Kyria told a story of Ron Fletcher and Clara Pilates that relates to how the door opened to change the work: One day, Clara was teaching Ron and said "give me your foot." Ron hesitated because that would mean straddling the machine and one of Joe's rules was to never straddle the machine. But Clara said to Ron, "Joe is not here, give me your foot!" Ron went on to develop a whole program straddling the machine. Joe taught each individual differently and so did Clara, and Ron took his cue from that. But he was not, Kyria says, changing the work without staying grounded in fundamentals and intention. "With Ron it was always, here's what I've developed, and here's why."

Unique Aspects of Fletcher Pilates

So what made Fletcher Pilates such a distinctive style? Clearly Ron himself, his character and energy, and the things we've talked about already; but what I ask Kyria about now are some of the specifics in terms of form. Before we go there, however, I want to point out that Fletcher Pilates is not just about being different. It is still very recognizable as Pilates -- with familiar equipment and exercises. We are talking about the unique aspects so that you can get a sense of how Ron Fletcher shaped and shared his Pilates experience over 60-plus years.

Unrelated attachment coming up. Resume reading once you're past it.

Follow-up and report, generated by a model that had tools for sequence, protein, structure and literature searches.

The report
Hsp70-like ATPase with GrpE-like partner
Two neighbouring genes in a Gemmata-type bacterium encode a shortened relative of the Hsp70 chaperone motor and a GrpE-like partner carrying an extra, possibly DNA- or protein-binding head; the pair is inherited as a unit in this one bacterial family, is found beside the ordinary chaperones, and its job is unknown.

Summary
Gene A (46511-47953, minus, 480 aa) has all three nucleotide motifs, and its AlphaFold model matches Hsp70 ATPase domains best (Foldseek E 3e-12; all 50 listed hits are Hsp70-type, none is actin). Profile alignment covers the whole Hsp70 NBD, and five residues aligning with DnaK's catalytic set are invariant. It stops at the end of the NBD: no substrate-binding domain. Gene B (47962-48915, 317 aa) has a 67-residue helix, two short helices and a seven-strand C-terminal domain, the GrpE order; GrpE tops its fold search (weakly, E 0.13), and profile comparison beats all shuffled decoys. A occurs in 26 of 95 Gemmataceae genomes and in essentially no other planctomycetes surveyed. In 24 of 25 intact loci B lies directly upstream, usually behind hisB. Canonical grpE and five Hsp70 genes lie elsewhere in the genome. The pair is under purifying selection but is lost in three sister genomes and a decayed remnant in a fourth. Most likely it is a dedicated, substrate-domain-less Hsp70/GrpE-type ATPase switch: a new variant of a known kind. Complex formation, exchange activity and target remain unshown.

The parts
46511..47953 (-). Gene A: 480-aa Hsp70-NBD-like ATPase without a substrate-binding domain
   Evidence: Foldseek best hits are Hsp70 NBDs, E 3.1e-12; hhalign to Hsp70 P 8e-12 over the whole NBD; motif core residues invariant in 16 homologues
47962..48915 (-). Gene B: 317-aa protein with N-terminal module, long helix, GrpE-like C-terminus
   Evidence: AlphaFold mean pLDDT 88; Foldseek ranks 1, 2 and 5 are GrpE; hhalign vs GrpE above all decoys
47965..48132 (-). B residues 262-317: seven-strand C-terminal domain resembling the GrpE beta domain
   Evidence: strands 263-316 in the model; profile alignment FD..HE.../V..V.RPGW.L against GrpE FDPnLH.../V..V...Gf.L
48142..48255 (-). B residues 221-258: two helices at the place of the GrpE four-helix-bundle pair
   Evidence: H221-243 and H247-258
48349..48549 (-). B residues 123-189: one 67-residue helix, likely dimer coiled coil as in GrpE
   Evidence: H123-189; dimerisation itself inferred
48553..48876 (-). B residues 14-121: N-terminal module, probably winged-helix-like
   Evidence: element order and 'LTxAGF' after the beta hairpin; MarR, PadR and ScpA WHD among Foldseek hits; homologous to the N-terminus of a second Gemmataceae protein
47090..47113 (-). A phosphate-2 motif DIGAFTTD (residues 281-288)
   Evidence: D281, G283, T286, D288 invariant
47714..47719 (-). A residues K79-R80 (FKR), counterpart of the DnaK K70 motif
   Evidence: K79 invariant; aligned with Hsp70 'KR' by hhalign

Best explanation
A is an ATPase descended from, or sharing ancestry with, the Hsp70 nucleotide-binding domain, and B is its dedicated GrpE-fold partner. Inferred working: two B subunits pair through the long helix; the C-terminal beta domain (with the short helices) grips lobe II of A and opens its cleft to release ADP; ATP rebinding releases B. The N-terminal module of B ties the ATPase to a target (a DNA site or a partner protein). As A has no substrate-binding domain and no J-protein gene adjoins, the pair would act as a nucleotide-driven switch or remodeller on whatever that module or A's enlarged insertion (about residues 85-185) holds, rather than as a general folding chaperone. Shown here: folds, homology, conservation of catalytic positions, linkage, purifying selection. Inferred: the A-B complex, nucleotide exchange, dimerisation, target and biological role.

Kyria highlights a few of the unique aspects of Fletcher Pilates:

  • Taking the work vertical - Ron, Kyria says, was the first to take the work fully into standing, including moving across the floor (clearly inspired by his dance background).
  • Fletcher Towelwork(R) - This is a program of coordinated movement and breath that was originally done with a rolled towel. It helps teach shoulder stabilization and use of the arms. Today, Fletcher Pilates has a signature red braided towel developed specifically for this work.